They dragged me out in front of an ugly man who looked more important, had more chevrons on his shoulder. There was no seat. I had to hold onto the edge of a desk. One by one, we went through the 144 photos and negatives. With my meagre Russian language, I realized how much trouble I could be in. I had jeopardized my jobs and living situation by taking pictures of things one is not supposed to photograph in Russia. Among benign shots of classrooms and students, I had taken pictures of the airport, military installations, tanks, the open market, beggars, even passing police officers at the train station, and naked girlfriends. I hadn't really felt like the Iron Curtain rules existed to me.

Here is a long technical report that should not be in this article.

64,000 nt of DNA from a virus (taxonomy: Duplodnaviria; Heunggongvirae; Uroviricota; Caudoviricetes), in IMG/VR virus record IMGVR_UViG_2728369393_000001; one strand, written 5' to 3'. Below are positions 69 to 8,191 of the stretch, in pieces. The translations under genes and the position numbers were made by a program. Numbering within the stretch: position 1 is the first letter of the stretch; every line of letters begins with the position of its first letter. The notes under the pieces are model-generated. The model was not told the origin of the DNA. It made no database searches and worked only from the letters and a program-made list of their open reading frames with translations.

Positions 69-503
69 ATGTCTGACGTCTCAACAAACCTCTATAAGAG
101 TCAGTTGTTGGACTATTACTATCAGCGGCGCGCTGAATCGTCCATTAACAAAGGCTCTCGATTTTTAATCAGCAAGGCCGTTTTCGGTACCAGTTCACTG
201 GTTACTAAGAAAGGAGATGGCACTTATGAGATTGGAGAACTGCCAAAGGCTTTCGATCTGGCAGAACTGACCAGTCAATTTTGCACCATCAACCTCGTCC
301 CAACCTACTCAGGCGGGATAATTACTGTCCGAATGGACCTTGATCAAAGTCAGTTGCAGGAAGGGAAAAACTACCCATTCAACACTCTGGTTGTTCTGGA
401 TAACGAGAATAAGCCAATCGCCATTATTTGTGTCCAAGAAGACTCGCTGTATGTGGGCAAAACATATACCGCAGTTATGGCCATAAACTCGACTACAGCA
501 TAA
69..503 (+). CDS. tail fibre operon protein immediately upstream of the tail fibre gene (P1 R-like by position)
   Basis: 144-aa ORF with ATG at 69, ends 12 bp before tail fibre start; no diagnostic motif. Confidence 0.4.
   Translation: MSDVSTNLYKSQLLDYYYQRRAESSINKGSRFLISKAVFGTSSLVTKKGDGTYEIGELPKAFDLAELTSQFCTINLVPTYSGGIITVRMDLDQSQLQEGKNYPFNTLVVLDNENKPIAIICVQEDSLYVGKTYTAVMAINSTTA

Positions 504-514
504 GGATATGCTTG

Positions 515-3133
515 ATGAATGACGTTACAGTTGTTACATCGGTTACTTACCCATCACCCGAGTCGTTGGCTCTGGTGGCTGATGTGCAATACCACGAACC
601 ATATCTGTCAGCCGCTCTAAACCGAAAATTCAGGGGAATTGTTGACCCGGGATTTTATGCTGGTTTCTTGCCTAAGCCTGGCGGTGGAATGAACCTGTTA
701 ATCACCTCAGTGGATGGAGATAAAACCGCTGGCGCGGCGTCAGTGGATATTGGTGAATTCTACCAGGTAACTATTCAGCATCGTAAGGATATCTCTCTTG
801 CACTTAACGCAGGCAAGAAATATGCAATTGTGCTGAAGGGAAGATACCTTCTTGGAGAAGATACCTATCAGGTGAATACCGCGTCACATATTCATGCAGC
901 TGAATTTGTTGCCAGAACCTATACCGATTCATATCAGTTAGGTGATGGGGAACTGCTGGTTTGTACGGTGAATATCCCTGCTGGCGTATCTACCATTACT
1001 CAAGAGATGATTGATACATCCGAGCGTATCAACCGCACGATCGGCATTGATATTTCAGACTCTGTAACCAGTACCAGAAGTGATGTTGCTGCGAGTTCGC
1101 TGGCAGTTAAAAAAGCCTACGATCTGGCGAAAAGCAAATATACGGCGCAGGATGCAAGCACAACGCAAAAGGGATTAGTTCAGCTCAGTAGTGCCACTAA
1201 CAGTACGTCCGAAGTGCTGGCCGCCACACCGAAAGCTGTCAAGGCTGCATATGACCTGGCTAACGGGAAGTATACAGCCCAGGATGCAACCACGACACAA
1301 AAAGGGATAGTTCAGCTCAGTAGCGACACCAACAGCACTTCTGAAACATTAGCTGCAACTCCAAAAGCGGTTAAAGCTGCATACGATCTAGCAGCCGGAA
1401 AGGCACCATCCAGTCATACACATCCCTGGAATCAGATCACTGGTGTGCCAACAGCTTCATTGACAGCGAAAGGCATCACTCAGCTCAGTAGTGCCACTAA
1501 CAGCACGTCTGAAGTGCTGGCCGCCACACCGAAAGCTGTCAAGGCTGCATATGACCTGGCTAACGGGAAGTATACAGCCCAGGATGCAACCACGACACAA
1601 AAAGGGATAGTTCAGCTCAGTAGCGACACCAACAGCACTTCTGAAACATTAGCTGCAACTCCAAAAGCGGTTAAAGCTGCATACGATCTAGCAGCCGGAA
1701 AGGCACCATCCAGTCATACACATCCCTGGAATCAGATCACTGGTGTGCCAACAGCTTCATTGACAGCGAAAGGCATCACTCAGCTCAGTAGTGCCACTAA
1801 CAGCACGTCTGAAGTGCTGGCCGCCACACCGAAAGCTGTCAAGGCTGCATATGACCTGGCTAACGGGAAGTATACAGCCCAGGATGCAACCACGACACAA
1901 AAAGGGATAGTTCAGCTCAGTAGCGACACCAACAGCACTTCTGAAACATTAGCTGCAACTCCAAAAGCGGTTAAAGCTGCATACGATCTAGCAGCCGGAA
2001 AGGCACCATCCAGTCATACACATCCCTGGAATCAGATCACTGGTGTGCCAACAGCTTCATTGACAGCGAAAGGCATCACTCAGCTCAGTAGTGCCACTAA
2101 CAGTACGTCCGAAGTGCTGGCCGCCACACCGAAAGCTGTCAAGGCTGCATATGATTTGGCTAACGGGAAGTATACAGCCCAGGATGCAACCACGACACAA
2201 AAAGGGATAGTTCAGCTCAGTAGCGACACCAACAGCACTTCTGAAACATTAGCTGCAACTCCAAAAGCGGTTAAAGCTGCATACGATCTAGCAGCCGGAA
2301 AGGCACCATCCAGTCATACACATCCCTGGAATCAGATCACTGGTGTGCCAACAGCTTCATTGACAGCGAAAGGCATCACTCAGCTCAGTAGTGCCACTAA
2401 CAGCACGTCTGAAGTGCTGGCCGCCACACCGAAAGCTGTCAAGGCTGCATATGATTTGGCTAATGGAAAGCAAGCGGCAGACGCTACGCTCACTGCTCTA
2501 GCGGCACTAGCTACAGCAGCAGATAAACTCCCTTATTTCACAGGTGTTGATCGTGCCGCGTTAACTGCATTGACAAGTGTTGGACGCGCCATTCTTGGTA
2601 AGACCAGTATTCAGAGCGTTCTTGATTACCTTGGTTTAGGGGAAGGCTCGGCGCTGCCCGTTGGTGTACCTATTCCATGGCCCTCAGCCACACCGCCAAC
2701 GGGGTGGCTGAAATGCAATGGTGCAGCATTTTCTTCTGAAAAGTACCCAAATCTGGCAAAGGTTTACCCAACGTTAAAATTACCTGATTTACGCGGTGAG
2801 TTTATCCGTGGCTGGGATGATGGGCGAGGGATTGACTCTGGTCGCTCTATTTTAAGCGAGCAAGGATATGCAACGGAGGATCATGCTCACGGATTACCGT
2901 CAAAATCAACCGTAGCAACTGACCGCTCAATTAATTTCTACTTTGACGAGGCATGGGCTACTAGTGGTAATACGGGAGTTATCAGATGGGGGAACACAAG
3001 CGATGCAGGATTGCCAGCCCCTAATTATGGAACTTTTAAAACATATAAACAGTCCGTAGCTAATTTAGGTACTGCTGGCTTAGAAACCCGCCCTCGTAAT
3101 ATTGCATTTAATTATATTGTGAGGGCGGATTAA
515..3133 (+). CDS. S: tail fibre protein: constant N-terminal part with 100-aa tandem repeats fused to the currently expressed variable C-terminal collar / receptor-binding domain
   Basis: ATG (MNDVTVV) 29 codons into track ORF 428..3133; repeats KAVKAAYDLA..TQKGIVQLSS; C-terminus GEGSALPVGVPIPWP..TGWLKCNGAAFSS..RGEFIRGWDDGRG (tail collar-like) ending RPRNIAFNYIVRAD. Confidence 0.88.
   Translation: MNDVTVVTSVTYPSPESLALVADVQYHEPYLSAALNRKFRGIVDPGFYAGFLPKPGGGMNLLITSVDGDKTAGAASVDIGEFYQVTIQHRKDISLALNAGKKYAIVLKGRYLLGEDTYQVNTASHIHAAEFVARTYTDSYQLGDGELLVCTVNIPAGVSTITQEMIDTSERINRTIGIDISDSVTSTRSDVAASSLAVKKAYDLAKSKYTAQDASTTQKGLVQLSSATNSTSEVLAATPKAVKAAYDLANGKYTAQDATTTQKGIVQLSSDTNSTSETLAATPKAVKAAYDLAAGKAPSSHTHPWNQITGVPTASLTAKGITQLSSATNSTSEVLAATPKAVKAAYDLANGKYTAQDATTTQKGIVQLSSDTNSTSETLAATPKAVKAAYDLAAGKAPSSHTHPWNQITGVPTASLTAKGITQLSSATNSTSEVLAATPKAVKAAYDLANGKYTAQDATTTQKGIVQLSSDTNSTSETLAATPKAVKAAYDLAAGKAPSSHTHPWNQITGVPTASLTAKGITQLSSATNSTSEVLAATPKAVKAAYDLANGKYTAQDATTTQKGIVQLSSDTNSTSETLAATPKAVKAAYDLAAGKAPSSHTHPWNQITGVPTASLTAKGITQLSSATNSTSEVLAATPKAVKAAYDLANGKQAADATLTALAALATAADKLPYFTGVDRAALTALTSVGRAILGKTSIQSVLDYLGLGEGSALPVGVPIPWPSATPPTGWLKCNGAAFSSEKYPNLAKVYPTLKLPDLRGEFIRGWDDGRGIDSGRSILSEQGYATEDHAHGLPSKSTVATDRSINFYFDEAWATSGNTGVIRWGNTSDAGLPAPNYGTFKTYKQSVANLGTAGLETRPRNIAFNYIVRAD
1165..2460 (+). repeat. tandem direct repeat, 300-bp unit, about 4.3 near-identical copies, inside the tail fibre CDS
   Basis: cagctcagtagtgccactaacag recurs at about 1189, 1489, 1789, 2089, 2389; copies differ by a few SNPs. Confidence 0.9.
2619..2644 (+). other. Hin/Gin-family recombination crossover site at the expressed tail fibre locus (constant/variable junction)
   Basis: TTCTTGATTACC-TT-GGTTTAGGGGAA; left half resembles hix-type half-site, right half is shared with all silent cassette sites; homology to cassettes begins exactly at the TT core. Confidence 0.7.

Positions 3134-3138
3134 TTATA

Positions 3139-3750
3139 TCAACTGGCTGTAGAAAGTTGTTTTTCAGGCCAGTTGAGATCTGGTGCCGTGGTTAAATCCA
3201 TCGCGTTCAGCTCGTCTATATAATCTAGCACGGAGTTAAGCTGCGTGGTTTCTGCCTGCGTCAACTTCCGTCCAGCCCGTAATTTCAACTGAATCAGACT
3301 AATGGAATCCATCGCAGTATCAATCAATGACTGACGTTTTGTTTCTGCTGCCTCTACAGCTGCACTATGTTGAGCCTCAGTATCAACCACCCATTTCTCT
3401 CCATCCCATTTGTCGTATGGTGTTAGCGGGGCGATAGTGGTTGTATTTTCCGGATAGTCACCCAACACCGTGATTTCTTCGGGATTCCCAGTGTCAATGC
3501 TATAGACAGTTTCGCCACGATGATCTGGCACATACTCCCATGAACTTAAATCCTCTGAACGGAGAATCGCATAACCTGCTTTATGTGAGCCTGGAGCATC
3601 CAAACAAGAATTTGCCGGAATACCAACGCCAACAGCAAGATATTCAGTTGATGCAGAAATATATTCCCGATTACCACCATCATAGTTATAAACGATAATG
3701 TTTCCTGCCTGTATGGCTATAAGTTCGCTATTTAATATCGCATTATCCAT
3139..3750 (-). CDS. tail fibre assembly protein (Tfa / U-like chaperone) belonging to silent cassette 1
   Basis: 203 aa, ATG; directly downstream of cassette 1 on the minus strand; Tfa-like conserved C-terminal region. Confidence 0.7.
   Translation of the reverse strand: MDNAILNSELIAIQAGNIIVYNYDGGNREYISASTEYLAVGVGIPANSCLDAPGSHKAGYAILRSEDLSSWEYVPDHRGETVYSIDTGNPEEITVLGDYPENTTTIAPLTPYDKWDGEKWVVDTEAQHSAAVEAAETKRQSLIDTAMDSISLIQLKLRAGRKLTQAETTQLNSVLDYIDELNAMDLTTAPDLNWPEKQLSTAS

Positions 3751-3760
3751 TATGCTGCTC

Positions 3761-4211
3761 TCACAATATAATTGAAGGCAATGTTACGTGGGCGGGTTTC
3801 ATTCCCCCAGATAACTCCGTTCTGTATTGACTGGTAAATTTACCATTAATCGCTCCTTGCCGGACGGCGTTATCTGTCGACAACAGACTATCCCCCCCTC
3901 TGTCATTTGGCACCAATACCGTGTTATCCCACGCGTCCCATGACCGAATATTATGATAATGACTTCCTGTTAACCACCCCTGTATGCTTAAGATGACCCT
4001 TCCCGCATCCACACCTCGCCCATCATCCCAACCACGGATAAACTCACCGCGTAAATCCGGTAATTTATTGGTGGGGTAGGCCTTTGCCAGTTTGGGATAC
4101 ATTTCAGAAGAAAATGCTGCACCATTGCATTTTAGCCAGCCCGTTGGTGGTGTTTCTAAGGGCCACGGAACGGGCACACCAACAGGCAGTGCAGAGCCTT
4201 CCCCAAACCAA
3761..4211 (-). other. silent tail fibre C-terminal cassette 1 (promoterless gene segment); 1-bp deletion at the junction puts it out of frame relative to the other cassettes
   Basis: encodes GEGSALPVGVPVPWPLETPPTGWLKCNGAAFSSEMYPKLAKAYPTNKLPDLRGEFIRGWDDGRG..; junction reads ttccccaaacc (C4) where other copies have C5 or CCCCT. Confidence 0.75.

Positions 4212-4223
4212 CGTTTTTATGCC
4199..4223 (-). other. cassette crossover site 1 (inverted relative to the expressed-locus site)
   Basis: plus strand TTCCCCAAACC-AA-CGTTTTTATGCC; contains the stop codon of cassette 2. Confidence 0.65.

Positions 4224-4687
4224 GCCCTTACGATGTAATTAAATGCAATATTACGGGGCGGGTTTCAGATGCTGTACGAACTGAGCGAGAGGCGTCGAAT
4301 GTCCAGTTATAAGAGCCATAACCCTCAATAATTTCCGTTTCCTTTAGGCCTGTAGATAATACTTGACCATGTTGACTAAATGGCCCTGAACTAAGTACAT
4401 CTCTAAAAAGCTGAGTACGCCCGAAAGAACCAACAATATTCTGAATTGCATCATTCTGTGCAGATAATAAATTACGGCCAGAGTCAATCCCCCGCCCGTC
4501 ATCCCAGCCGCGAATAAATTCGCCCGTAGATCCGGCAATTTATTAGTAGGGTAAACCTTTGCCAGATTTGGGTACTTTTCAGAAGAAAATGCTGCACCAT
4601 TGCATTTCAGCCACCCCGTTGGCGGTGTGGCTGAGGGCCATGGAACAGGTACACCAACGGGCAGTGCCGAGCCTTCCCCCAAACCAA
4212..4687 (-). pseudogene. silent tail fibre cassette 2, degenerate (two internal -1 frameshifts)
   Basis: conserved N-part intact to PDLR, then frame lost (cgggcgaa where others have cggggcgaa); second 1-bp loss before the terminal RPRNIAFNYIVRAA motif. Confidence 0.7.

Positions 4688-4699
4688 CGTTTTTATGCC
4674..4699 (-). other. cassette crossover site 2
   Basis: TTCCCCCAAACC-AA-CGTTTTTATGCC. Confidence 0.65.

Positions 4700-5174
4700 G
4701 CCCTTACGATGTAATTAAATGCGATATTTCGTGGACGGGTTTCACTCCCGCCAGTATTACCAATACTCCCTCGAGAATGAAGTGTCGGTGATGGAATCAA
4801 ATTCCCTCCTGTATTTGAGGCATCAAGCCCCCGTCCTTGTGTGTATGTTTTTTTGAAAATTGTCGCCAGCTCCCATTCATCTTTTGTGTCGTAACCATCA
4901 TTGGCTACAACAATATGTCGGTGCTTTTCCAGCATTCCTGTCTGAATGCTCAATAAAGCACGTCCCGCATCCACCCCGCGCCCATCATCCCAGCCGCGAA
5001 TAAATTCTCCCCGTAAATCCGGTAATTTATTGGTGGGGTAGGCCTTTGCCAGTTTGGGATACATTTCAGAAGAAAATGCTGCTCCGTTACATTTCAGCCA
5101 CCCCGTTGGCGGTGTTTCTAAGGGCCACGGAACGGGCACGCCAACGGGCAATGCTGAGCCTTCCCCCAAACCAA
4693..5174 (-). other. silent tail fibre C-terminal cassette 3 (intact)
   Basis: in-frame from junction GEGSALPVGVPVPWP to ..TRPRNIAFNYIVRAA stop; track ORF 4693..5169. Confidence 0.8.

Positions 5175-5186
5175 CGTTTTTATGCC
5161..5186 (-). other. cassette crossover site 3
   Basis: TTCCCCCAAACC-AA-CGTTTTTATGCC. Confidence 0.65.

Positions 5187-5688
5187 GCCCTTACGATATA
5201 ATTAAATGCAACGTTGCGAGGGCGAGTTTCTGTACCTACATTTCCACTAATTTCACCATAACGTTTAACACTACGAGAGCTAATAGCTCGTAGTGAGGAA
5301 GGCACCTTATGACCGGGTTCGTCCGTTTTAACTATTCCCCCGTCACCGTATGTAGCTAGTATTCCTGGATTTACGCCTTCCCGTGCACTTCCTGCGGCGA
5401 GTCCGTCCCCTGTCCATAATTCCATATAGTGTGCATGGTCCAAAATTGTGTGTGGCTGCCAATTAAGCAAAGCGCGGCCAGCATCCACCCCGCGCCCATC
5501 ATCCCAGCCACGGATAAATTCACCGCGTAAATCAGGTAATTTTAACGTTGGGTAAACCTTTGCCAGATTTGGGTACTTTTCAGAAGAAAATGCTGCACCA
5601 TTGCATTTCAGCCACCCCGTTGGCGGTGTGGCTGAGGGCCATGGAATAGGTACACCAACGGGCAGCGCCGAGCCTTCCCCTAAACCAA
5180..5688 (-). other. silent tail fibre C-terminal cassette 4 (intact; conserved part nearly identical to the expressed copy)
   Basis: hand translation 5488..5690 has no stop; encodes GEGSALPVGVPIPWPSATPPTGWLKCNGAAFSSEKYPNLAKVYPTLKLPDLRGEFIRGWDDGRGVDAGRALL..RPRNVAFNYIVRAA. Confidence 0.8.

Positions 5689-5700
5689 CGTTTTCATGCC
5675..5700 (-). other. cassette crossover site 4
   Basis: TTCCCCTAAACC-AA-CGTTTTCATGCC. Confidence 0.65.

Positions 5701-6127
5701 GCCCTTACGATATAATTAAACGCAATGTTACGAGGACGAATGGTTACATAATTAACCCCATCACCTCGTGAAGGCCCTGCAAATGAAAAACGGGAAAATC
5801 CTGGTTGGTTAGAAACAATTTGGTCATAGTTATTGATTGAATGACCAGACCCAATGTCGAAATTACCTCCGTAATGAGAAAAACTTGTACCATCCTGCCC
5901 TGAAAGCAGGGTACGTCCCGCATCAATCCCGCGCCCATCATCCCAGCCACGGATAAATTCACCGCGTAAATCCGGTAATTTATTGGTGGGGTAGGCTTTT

Once we had gone through the pictures, I was thrown back into a cell that echoed the lone word of a police officer, "shpion" or "spy". I was beaten on and off until sunrise when I was hauled to where my clothes were. $80 USD and many pictures were missing.
I painfully pulled myself, as my legs were too weak to walk, up the same twelve prison stairs I had been thrown down the night before. I scrambled to the public sphere as fast as my elbows could drag me. I locked my knees together as best I could and dragged my now clothed self away from the precinct. My head was screaming with a high-pitched static, I had a concussion. Broke and broken, I hitchhiked to my flat, where a girlfriend was waiting for me under the premise that something terrible must have happened to me. It had.